Giovetti and Giovetti, Certified Public Accountants
Generally, rental activities are considered a passive activity which is subject to loss limitations. Thus, rental losses you incur can only be deducted currently against passive income. However, if you ‘actively participate’ in the rental activity, you may be able to deduct a loss up to $25,000 against ordinary (non passive) income each tax year. Active participation does not require regular, continuous, substantial involvement with the property. You meet the test if you make key management decisions such as whom to rent to, the rental terms, approving capital expenditures, etc. You can also meet the test if you arrange for others to provide services. Additionally, you must own at least 10% of the rental property. Ownership as a limited partner does not count.
If you meet the above test, you can claim up to $25,000 in losses against non passive income. However, if your adjusted gross income (AGI) is above $100,000, the $25,000 loss allowance figure is reduced by one-half the excess over $100,000. If the AGI exceeds $150,000, the loss deductions phased out completely. Losses which are not allowed under the passive loss rules do not disappear. They are carried forward and used to offset future income from the rental, the sale of the rental activity or other passive income.
Example: Mr. Jones has adjusted gross income of $120,000. Thus, one-half of the $20,000 excess ($120,000 – $100,000) equals $10,000. The maximum rental loss Mr. Jones can take is $15,000 ($25,000 – $10,000).
Year End Planning . Prior to year end review your rental activities and projected income or loss in order to maximize the use of your $25,000 loss deduction. Make sure you can satisfy the active participation test by maintaining the management decisions. Watch the timing of year end expenditures. If possible, structure the timing of income to keep your modified AGI below $100,000.
Beware Commercial Rentals: Not all rental activities are considered a passive activity and meet the $25,000 loss deduction rules (IRC 469). Rentals averaging seven days or less, such as auto, hotels, and many resort condos, have an average period of customer use which is seven days or less. As a result, the activity is no longer a rental by definition and does not qualify for the $25,000 deduction. In Letter Ruling 9505002, the IRS concluded that taxpayers who owned and rented a condo in Ocean City did not have a rental activity for purposes of IRC 469 and were not eligible for the $25,000 loss deduction. IRS based their opinion on the fact that the average rental period was seven days or less. Therefore, it was classified as a business activity. Unless a taxpayer can prove that they materially participated in the business, the loss is classified as passive and could be only deducted against passive income.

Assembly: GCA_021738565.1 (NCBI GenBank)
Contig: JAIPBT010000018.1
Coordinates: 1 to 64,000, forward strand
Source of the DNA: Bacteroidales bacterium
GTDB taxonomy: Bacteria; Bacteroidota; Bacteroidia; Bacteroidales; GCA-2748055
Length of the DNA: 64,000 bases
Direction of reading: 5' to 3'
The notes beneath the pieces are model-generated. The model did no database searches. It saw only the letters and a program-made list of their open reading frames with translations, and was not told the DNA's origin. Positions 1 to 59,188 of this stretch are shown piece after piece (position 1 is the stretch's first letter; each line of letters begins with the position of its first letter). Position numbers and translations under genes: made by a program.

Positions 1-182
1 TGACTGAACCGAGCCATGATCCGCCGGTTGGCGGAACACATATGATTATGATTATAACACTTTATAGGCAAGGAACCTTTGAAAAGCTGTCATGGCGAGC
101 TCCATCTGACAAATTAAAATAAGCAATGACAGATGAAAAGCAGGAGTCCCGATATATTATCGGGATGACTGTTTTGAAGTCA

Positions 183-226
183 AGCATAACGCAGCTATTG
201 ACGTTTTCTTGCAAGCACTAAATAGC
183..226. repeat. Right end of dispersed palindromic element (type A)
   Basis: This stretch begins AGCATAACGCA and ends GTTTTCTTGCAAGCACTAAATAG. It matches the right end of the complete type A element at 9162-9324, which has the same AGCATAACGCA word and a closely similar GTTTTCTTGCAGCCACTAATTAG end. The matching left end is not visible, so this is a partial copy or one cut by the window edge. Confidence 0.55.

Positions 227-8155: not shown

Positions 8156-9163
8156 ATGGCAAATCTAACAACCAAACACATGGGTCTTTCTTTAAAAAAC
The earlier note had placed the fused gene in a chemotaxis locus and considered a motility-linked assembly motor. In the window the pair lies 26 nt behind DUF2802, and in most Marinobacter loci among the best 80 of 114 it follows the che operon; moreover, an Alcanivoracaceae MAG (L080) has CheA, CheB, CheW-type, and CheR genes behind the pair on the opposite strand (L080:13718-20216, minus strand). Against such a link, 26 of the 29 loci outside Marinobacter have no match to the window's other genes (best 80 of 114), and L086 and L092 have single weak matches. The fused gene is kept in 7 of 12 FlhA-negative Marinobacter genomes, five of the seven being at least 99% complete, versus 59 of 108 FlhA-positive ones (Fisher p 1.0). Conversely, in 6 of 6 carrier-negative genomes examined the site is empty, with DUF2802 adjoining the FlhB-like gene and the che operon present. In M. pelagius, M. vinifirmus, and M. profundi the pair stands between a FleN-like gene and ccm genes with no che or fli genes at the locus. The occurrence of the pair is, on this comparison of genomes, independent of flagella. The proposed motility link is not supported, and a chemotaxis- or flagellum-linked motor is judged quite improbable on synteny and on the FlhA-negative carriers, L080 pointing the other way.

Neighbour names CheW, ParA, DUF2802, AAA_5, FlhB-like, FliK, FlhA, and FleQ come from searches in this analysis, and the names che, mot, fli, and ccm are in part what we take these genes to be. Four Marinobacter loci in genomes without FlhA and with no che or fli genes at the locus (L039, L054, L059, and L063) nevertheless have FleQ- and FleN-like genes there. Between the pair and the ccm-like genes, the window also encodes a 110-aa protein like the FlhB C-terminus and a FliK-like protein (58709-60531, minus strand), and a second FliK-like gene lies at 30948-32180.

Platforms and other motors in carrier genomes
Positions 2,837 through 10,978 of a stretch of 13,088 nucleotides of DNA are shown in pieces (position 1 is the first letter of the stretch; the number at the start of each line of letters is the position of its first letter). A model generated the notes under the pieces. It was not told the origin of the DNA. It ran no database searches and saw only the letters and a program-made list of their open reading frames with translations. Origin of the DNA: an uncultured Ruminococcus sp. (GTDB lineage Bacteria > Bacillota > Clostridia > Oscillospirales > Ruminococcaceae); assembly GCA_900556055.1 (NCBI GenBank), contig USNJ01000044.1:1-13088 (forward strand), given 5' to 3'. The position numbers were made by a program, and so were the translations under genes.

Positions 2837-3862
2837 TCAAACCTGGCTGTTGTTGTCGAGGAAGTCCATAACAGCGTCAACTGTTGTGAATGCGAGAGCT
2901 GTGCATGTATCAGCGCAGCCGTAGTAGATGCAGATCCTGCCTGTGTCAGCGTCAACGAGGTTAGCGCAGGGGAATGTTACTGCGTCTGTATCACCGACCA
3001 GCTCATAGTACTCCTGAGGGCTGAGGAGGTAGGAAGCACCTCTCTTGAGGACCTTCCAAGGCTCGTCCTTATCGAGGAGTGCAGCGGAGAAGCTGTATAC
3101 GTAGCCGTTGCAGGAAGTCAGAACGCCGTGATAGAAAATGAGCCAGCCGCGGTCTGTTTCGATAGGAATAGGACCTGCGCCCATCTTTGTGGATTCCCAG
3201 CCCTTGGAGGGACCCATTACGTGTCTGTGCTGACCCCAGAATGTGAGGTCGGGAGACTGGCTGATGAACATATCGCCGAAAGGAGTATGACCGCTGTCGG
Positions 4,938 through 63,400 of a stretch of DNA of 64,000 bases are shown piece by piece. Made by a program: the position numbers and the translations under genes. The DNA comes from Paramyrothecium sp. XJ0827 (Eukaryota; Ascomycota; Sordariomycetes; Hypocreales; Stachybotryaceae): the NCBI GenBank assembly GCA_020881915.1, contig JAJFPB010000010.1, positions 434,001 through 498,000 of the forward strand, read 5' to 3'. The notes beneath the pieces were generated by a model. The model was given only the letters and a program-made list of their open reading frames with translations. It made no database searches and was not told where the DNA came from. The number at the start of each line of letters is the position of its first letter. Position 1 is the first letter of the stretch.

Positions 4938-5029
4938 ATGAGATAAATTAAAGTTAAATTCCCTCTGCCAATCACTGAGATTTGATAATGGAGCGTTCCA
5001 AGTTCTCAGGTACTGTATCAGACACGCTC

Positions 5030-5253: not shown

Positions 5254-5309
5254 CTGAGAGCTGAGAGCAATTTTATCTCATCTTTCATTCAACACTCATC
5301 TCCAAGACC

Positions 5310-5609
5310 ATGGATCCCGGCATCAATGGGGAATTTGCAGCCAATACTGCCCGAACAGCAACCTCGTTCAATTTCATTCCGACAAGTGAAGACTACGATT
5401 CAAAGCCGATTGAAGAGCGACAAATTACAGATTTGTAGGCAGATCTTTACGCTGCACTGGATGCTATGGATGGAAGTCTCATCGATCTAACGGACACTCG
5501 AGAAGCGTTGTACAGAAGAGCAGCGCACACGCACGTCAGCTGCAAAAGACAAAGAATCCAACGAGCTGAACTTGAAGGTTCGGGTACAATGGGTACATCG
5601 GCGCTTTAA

Tax Tip. If you are renting on a month to month basis or any period greater than a week, you do not have a problem. The key is that the average rental period must be more than seven days. For example. during the busy summer months rent out by the week but then fill in during the off season for reduced rates with two weeks or month rentals to get your average rental period to be greater than seven days.
In many cases renting out a home or apartment will result in a loss even if the rental income is more than your operating expenses. This is due to the depreciation deduction allowed on the cost of the house or apartment. There are special rules and limitations if you rent to a related person. For this discussion a related person means your spouse, child or grandchild, parent or grandparent, and siblings.
If you rent a home to a relative who uses it as his/her principal residence and is paying a fair rental, then there are no limitations. You can deduct all the normal rental expenses even if they result in a rental loss for the year (under the passive loss rules). The problem arises if you set the rent below the fair rental value, that is, if you allow your relative a bargain rent. If this is the case, the use of the home by your relative will be treated as use of the home by you. The results will be a tax disaster. Since all of the rental days (at a bargain rate to a relative) are treated as personal days, the rental portion would be zero. Thus, you would have to report all of the rent received as income, but none of the operating expenses. The mortgage interest and real estate taxes would be deductible only on Schedule A as itemized deductions.
Therefore, it is extremely important to set the rent at a fair rate. Factors that the IRS considers are comparable rentals in the area and whether “side” gifts were made by you to your relative which could be reasonably interpreted to be the bargain element.
The cost of the building and all personal property is recovered ratably (depreciated) over an IRS defined life. Land is not a depreciable asset. The cost basis of the property must include acquisition costs and prorated between land and building. Acquisition costs may include construction period interest and taxes, transfer taxes and recordation fees. Points, loan origination fees, and loan commitment fees are not added to the basis of the property. Rather they are amortized over the term of the loan. With the real estate you may acquire personal property such as furniture and appliances. Part of the cost must be allocated to the personal property. These items can be written off over a shorter period of time.